When exploring which small business financing option is the best fit for your company, be sure to also compare lenders. Different lenders offer varying rates and terms. Some specialize in different areas. Some online lenders allow you to input your needs and receive multiple quotes within hours, a convenient and efficient way to comparison shop.

Prepare for the Application to Get Your Small Business Financing

Before you begin the loan application process, take the time to prepare your company to land the best package available. Start out by:

  • Conducting a cash flow analysis to determine how much money you need and what you can pay comfortably on a monthly basis
  • Deciding what type of loan you’re targeting
  • Researching different lenders and choosing those that you would like to work with
  • Checking your credit report to ensure you’re in good standing

Lenders will request lots of documentation. Have all of these things at the ready when you begin applying for small business financing:

  • A thorough business plan that lays out your financial plans for the next three to five years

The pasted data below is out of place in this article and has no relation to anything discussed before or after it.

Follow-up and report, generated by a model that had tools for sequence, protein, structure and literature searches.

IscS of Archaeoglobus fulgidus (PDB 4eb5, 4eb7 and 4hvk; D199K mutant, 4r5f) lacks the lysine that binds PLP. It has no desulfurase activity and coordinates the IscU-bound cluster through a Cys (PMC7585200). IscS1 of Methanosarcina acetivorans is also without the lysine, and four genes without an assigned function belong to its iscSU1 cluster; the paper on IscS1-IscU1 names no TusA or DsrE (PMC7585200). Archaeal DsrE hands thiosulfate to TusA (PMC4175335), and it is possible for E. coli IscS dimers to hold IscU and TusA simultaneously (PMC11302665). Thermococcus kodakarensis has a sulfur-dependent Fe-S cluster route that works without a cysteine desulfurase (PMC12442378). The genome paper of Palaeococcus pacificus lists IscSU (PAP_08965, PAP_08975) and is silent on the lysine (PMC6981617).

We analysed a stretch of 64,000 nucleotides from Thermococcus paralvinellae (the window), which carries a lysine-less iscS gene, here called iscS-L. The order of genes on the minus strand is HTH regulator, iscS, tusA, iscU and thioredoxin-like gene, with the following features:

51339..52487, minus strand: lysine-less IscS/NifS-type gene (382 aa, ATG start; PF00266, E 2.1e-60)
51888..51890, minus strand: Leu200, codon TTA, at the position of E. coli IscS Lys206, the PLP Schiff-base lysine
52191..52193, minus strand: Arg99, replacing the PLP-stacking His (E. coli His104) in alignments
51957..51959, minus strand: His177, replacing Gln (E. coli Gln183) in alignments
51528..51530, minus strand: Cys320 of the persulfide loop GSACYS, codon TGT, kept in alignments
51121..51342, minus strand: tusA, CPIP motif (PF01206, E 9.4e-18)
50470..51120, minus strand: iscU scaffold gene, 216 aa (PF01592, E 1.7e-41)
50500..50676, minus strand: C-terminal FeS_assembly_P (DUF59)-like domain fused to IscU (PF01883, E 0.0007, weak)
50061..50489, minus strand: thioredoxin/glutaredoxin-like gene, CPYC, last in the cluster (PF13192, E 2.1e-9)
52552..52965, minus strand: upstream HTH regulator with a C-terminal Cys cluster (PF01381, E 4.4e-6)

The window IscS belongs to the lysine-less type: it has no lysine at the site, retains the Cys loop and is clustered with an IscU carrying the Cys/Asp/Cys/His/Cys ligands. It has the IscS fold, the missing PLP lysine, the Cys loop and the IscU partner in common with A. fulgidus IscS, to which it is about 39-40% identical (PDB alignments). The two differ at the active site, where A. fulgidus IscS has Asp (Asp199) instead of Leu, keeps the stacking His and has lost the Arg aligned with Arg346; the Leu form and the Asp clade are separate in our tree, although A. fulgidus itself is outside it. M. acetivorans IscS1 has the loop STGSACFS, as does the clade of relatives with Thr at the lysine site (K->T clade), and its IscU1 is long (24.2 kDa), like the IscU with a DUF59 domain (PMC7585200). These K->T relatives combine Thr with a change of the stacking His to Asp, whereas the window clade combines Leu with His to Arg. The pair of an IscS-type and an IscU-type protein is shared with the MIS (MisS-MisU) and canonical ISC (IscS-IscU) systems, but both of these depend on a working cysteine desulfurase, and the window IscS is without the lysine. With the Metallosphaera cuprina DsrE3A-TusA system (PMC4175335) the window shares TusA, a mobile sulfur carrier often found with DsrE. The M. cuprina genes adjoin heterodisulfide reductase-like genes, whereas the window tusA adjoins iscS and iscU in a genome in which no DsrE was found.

• Recent tax returns
  • An updated balance sheet
  • A cash flow analysis
  • A recent income statement
  • Up-to-date balance statements
  • A list of current outstanding accounts receivable and accounts payable
  • A value appraisal of any collateral you wish to use
  • Business licenses and registrations
  • Legal proof of ownership
  • Any contracts you have with other parties (such as franchise documentation or commercial leases)
  • Insurance policies

Along the way, lenders might ask follow-up questions on your application. Be prepared to answer the following:

  • Why do you need this loan?
  • How will you apply this money to help grow the business?
  • What is your background? Do the members of your management team have successful track records?
  • Do you have any other business debt? Who are your creditors? Do you have investors?
  • Do you have collateral you can use to back the loan?

With thorough preparation and a specific goal in sight, your company will be on its way to securing the small business financing it needs to reach the next step on its growth path.